I have no idea what grade school kids play at today, but in my day, we played "Cops and Robbers" a lot. Would often end up in a gun ballle in which the cornered robber pointed his gun at the cop, the stock in trade response was, "Pull that trigger, and you will get the chair", which generally resulted in the robber surrendering. I doubt that kids have that image ingrained in their heads today. It would be more like my childhood experience in "Cowboys and Indians", and we all know how that turns out. The "cowboy" ideal has taken over, from John Q. Public, all the way to the White House.

  17. Chief,
    If this is the face of the threat, then we can sleep soundly knowing that the FBI have us covered.
    The whole episode can be summarized as -he couldn't pour piss out of a boot IF...
    Nice post.

  18. Here's a comment from Fabius Maximus about our discussion so far that I think bears repeating.

    "Most of the folks commenting ignore the key datum: that this is the latest in a series of almost identical ops: invitment or even entrapment by agents provocateurs. The pattern is the signfiicant evidence."

    I agree with him. There is a very real (but unanswerable) question as to what this young man would have done with his life if the FBI hadn't needed him to justify their budget for the war on terror. Furthermore, we see this time and again. It's kind of like our society's persistent effort to lose weight by only eating certain types of food. If we only lock up the right kinds of people we'll all be safe.

    But as the Chief points out there are a lot of emotionally volatile young men out there and it seems to me that the FBI is essentially harvesting some of them for its own needs.

    I'm not in favor of letting these loose cannons go off with the attendent property damage and loss of life but I'm also against putting people in jail (at an annual cost of 35k+ per inmate) just so the FBI can get a pay increase.

    There MUST be a happy medium where the needs of the individual and the community are both served well enough.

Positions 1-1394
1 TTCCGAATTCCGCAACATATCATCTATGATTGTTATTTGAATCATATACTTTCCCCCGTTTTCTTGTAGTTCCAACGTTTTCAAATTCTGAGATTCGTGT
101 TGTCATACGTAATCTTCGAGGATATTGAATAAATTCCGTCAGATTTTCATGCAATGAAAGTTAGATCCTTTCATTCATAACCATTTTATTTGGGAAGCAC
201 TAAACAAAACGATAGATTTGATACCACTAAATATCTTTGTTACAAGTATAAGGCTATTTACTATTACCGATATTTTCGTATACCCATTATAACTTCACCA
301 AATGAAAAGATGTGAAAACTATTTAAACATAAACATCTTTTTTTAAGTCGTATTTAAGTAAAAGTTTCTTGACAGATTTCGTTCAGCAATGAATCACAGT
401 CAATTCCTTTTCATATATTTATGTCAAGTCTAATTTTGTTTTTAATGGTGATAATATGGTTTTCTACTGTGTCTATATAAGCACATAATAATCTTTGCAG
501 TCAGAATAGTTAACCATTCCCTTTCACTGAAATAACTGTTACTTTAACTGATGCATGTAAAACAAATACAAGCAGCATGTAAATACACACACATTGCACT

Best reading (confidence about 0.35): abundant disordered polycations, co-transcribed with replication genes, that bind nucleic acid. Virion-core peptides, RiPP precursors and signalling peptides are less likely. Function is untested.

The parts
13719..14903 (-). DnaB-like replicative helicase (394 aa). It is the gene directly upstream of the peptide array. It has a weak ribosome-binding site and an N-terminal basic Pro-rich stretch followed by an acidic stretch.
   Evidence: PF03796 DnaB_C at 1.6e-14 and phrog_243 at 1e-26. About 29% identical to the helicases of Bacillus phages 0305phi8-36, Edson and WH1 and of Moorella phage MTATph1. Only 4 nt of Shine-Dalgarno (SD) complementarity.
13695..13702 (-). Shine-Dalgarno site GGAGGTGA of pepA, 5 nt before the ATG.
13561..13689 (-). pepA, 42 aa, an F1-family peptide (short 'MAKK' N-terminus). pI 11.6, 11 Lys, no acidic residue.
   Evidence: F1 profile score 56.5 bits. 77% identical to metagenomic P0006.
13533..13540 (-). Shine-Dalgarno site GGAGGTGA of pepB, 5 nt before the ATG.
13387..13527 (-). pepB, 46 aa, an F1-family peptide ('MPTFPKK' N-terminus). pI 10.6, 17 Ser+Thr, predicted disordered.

19. "it is a proactive way to deter and disrupt those with intent. It won't stop the crime, but it will deter and disrupt."

    And yet, the age old equation still holds; women with pussy and no money will meet men with money and no pussy. People with money and no weed will meet people with weed and no money.

    We ignored this simple logic during Prohibition and ended up with only one enduring result; we vastly strengthened the criminal networks that moved in to supply people with booze. We're STILL dealing with that one.

    Meanwhile, other societies have tried other approaches than entrapping johns and hookers. Some a flat-out legalized prostitution. Others have tried a sort of Nevada-cathouse approach, where the trade is strictly regulated.

    In this case, the thing we haven't tried is NOT running all over the Middle East and central Asia 1) using military force to try and solve political/economic/social/religious problems, 2) bankrolling every tinpot dictator and strongman because he promises to sell us cheap oil and keep the jihadis under control, and 3) blowing kisses to Israel regardless of what the hellever the buggers do.

    The only real national interests we have in the middle East and central Asia are passage through Suez and cheap petroleum. Somehow we've managed to bury ourselves ass-deep in this pre-Enlightenment Islamic swamp. ISTM that the resulting potential for harm to our own polity should have us thinking seriously about alternatives to Drones Over Pakistan and the Everlasting Payday of the Israeli Mind, but I seem to be in an underwhelming minority here.

  20. Let me add this, though: if we jerked every single GI out of the Middle East tomorrow, cut off Israel without a cent, and sent candy and flowers to every Muslim between Gibralter and Singapore I believe that we will be dealing with these damn jihadis for a generation.

    Bin Laden sowed the wind; we got suckered into reaping the whirlwind.

    Hmmm. Maybe this fucking idiot Mohamud isn't the biggest fucking idiot in the room...

  21. Very good blog post and response to comments. I'm glad the Columbine thing came into discussion. That is what this kid is, a genuine, Oregon Kip Kinkle. An angry loser that wants to go out in a blaze of glory. Not the first to come out of Oregon, nor the last. Oregon is chockful of hot heads with lots of real guns and have done more than send few emails and write some web articles.